With the coming of the Etruscans Latium entered upon a new phase (c. 650), but although it was subjected to Etruscan cultural influences it remained essentially Latin, since the Latin language survived almost untouched. The Etruscans encouraged agriculture, large drainage works, industry and commerce, and they promoted synoecisms. Thus Latium was swept into a wider world. Further, Greek ideas were reaching it from the south, and it is not always easy to determine whether any particular gift, above all that of the alphabet, came direct from the south or was mediated through the Etruscans. Nor can we establish the extent of direct Etruscan political influence, except at Rome which was governed by Etruscan kings during the sixth century (pp. 48ff.). But though evidence for direct rule is lacking in other Latin cities, the general promotion of city life by the Etruscans need not be questioned. Latin Praeneste, which may have formed a key point in the Etruscan advance southwards since it commands the route to the Liris valley, was clearly subjected to Etruscan influences. Its two famous tombs, the Bernardini and Barberini, contain princely gold and bronze objects which resemble those of a similar Etruscan tomb at Caere of c. 650, yet a gold fibula which may have come from one of them bears an inscription written in Latin (‘Manios made me for Numasios’). Until very recently these tombs were often regarded as the resting-places of Etruscan nobles, but since the richness of the tombs of other Latin cities such as Decima has now been revealed, the finds at Praeneste may reflect a wider social-economic background existing throughout Latium rather than providing evidence for the direct intrusion of Etruscan princes. At the same time the genuineness of the Latin inscription on the fibula has been seriously questioned. The names of some Latin cities, as Tusculum, Velitrae, and Tarracina, seem to link them with the Etruscans, but how far Etruscan political domination extended is uncertain. However, the earliest treaty between Rome and Carthage of c. 509 BC (p. 144) suggests that the Etruscan rulers of Rome may have exercised some control over Ardea, Antium, Circeii, Tarracina and perhaps Lavinium.47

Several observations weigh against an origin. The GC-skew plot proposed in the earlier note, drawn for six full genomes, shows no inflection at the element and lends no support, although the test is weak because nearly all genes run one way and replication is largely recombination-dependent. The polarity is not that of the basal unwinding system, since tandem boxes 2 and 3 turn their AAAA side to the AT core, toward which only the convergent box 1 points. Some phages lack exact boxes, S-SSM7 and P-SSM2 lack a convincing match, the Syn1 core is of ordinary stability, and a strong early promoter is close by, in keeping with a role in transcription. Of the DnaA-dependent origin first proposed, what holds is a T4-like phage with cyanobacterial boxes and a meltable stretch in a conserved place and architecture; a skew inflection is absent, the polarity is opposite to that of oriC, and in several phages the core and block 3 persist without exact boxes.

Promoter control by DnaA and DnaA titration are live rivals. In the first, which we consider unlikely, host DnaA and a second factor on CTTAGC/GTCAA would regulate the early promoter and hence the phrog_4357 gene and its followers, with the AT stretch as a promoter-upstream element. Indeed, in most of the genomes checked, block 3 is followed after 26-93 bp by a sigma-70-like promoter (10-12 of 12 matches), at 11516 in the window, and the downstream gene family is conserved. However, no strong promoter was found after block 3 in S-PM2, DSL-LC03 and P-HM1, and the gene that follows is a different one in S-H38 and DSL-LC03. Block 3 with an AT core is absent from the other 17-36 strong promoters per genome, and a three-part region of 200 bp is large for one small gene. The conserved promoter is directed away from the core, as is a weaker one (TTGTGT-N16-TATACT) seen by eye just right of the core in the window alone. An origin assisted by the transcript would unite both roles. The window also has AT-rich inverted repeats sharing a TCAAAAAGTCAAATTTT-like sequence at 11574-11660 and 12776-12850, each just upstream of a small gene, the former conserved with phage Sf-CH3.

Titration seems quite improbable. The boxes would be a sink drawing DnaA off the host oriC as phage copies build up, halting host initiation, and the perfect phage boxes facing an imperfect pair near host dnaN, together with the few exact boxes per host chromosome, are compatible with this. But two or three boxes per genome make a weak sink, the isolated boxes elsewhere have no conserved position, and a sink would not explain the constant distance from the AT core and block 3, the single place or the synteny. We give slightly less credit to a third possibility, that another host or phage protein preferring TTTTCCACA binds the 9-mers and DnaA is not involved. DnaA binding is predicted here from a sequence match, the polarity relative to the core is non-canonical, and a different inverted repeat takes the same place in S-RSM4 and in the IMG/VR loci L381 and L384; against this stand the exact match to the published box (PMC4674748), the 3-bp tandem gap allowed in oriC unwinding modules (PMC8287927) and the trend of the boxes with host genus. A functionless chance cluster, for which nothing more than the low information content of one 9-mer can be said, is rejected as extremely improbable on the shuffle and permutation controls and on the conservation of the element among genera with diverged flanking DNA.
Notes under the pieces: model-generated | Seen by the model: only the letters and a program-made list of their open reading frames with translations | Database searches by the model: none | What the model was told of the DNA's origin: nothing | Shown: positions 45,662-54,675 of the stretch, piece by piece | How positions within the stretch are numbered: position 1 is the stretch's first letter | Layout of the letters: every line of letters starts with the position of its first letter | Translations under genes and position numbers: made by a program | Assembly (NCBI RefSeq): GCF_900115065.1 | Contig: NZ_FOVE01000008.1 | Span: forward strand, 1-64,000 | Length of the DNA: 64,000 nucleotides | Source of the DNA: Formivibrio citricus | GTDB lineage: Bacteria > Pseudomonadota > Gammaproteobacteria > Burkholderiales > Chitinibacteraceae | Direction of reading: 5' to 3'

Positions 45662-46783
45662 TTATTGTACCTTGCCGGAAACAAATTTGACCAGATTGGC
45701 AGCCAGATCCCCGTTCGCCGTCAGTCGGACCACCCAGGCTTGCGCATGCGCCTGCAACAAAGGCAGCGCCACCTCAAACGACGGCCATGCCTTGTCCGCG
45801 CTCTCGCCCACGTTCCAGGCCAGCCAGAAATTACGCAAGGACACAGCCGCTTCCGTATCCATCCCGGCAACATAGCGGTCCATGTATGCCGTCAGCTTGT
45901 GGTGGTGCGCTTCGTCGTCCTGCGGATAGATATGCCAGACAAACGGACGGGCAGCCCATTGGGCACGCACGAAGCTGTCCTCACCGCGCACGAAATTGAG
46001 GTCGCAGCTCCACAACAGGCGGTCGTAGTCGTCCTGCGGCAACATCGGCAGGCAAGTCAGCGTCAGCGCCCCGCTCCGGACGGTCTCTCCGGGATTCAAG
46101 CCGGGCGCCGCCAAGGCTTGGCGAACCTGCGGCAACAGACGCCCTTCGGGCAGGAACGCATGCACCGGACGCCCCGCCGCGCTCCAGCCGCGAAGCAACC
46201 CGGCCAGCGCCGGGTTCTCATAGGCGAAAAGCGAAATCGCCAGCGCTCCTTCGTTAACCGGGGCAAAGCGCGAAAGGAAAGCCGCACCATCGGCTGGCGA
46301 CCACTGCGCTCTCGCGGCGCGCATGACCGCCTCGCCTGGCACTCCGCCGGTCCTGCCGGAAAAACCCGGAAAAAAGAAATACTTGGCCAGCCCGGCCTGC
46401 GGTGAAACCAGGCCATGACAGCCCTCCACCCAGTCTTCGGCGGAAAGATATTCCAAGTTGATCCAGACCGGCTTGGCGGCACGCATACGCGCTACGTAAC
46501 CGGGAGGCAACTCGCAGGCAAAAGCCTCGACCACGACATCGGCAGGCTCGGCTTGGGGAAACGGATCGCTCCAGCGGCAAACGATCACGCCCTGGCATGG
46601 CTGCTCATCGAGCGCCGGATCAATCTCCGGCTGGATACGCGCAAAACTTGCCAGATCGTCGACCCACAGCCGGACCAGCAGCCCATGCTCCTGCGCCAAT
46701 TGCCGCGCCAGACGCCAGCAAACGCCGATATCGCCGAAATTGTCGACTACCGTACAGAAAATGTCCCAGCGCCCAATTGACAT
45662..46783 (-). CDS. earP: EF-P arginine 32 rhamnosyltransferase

A striking witness to Latium’s wider contacts is provided by the emergence of a new architectural form, the temple. At Rome, Satricum, Velitrae, Lavinium and other towns temples arose, whose gaily coloured terracotta decorations closely resemble those in Etruria and also many in Campania. Latium was becoming part of a common culture, based on Etruscan and Greek ideas. Many of the latter came via the Etruscans, but a recent discovery has emphasized the direct channel with the Greek cities of the south. A series of thirteen massive archaic stone altars was found at Lavinium (Pratica di Mare) about sixteen miles south of Rome. One altar had a bronze tablet inscribed in archaic Latin with a dedication to Castor and Pollux. This strengthens the likelihood that the cult of the Dioscuri reached Latium from the south rather than from Etruria.48 In addition to the altars Lavinium has recently produced another startling find (unpublished at the time of writing). Some fifty terracotta statues and other objects belonging to a sanctuary have been discovered. They appear to have been buried (for safety?) perhaps in the second century BC. The earliest date to the sixth century, but the majority to the fifth and fourth. The chief piece is a slightly larger than life-size statue of Minerva in battle. When this find has been properly assessed it will throw much light on the importance of early Lavinium and on the attraction of Latium to artists from Greek southern Italy. Etruscan influence lies behind the development of larger settlements: by 500 BC the original fifty or so communities had been reduced by a process of absorption to some ten or twelve, of which the largest, such as Praeneste, Tibur and Tusculum, dealt for a considerable time with Rome on equal terms. Thus Etruscan influence on Latium in the seventh and sixth centuries left permanent marks, but it was sporadic and did not undermine the basic nature of the native culture. The future of Latium lay not with Etruria but with one of its own cities, Rome.